Families often need a lesson in looking after their money when planning a private education.
Even though they have the best of intentions, the figures just do not add up to cover the many thousands of pounds needed to put just the one child through a private education – let alone two or three.
Families fund education in three main ways:
- Paying fees from their own income and building a reserve fund on hand to supplement the cost. If both parents work or have the cash resources, they might fund half the cost of education from income and need an investment plan to pay the rest
- Investing regular amounts in a savings plan to give an income to pay education fees. These parents may have small but regular amounts to save over a long period.
- Investing a lump sum, like a gift or inheritance to give an income to pay education fees.
Saving to fund education fees is basically the same as setting up any other investment plan, but professional, unbiased advice can help whatever the circumstances.
How much will school fees cost?
Currently, prep boarding fees work out from £4,250 to £6,250 a term and senior boarding from £5000 to £8250. You also need to add in uniforms, games equipment and other incidentals.
The fees depend on the standard of school and the age of the child. Day fees will be less.
Take an average of £5,000 a term, multiply by three terms a year over 13 years covering school from when a child is five until they are 18 and the figure is a staggering £200,000.
Once you have this figure, calculate the time between now and when your child starts at the school. This will give you some idea of what you need to save and the timescale to meet that amount.
Then, sit down with an independent advisor regulated in the UK by the Financial Services Authority, and draw up a strategy that matches your objectives.
Obviously, if you have more than one child you want to put through school, then this has to be factored in to the equation as well.
Don’t forget to consider interest rates and inflation as these could have a dramatic effect on your investment. One solution to offset these is saving more than you need as a cash reserve.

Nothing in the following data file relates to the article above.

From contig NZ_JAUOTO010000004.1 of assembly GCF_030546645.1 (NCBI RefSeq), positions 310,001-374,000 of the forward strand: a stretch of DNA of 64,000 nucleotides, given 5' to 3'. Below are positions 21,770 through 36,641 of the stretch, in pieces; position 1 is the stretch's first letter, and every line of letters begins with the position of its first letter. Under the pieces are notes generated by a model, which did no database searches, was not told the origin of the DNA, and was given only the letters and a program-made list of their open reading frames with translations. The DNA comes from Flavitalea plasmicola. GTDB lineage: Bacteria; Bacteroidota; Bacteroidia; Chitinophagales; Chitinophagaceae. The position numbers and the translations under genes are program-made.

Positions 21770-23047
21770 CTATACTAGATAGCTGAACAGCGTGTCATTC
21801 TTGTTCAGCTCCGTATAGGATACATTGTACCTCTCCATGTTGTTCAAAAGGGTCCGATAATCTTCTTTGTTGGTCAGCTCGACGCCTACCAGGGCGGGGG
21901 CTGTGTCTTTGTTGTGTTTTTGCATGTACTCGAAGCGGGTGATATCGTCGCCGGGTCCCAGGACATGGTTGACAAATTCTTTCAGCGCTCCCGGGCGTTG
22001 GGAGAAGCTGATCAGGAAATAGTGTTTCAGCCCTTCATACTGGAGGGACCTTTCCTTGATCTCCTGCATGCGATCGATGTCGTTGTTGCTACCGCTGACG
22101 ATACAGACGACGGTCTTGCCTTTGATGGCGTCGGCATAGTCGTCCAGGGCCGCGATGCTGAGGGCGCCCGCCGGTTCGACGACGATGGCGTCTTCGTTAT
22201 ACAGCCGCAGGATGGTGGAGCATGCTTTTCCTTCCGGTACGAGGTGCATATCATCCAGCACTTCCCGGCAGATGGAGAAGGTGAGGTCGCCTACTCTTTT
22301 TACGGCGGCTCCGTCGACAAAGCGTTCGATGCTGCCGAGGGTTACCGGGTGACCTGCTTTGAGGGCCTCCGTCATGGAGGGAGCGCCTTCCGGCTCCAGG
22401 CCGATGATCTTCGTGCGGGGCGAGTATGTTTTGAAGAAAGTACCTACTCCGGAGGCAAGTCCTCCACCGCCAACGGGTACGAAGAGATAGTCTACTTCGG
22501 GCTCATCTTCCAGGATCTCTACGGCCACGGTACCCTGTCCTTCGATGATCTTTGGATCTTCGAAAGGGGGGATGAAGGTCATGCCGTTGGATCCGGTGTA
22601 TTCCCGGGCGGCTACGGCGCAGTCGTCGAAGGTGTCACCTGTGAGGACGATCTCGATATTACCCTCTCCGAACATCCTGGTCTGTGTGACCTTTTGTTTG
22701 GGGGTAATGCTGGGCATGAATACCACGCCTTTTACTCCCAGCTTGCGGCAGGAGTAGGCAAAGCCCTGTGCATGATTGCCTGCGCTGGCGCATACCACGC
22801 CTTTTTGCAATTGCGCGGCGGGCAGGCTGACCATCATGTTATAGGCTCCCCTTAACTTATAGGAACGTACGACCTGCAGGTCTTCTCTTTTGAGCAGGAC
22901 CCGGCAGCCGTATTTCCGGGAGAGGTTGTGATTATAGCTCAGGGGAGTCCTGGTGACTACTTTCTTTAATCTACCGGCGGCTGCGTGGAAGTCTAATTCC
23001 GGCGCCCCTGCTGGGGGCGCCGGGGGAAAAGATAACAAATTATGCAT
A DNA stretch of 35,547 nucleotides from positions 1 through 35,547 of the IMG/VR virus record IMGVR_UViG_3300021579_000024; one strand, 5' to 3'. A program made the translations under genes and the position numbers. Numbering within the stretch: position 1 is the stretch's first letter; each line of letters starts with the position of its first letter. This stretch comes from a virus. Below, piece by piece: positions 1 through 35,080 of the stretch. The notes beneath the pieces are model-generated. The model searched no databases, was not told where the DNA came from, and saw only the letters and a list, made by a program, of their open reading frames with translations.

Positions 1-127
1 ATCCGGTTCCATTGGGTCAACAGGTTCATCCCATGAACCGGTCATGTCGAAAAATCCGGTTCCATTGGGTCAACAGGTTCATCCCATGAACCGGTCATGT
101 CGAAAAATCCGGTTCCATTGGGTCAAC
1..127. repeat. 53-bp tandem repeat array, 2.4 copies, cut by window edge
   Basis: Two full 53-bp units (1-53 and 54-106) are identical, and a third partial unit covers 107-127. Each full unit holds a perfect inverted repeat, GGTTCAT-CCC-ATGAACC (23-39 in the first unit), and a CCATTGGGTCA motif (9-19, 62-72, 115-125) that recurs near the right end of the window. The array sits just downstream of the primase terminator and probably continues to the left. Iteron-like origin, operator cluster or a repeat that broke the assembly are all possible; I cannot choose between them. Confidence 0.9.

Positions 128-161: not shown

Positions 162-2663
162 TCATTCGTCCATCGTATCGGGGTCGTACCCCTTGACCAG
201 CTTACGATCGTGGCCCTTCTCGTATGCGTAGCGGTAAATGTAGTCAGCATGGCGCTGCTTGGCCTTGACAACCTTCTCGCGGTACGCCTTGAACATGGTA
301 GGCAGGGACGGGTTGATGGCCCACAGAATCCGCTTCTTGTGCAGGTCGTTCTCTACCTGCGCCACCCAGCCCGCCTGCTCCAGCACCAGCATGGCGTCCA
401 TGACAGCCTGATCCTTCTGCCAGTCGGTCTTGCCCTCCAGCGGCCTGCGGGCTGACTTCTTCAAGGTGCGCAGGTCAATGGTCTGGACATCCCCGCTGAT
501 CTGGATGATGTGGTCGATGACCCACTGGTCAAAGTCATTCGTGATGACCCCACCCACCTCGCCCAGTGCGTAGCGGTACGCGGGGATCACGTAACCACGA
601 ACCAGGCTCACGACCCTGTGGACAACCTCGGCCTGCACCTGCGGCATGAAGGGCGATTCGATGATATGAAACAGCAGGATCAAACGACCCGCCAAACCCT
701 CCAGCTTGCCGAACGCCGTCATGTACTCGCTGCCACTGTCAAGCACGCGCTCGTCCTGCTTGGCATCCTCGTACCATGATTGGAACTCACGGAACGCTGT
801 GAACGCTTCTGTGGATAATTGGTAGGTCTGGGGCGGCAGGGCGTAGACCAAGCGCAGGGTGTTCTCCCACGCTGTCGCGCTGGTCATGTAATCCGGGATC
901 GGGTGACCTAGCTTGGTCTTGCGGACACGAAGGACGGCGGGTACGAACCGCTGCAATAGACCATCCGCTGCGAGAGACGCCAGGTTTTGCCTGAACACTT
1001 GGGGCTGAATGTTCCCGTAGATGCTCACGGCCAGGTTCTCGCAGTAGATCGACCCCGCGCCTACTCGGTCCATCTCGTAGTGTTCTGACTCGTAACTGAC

Keeping private education costs in the family
Parents and grandparents contributing in to a pot often pay education fees. Tax effective investments that may involve taking specialist advice about trusts or family foundations. Although this may seem expensive, this good advice should serve the family well over the years.
Often, if the family is living across several countries, a spread of investments is a strategy that can take best advantage of tax rules in different countries, which is just one service that a leading Wealth Management firm can offer.
For instance, if the grandparents live in the UK and aged 50 or over on the 5 April 2010, they can invest up to £10,200 in an ISA with half as cash and the balance in other investments like stocks and shares.
If the parents live overseas, then many investment options are open to them, including international life insurance savings plans.
Estate planning to consider how to legitimately avoid inheritance taxes in the UK and overseas is an important part, of any school fee strategy.
For instance, the grandparents might decide to skip a generation and leave their estate in trust to their grandchildren with the parents as trustees to fund education fees.
Other tax effective investment opportunities to consider include:
- Children’s annual income and capital gains tax allowances
- Options to re-assign life policies and investment bonds
- Tax-free returns available through offsetting against a personal mortgage
- Opportunities available through offshore investments
When to start saving for private school fees
Forward thinking parents should start saving as soon as they can – even if they don’t yet have any children. The longer the investment period, the more likely the fund will grow without too much strain on the budget for other expenses.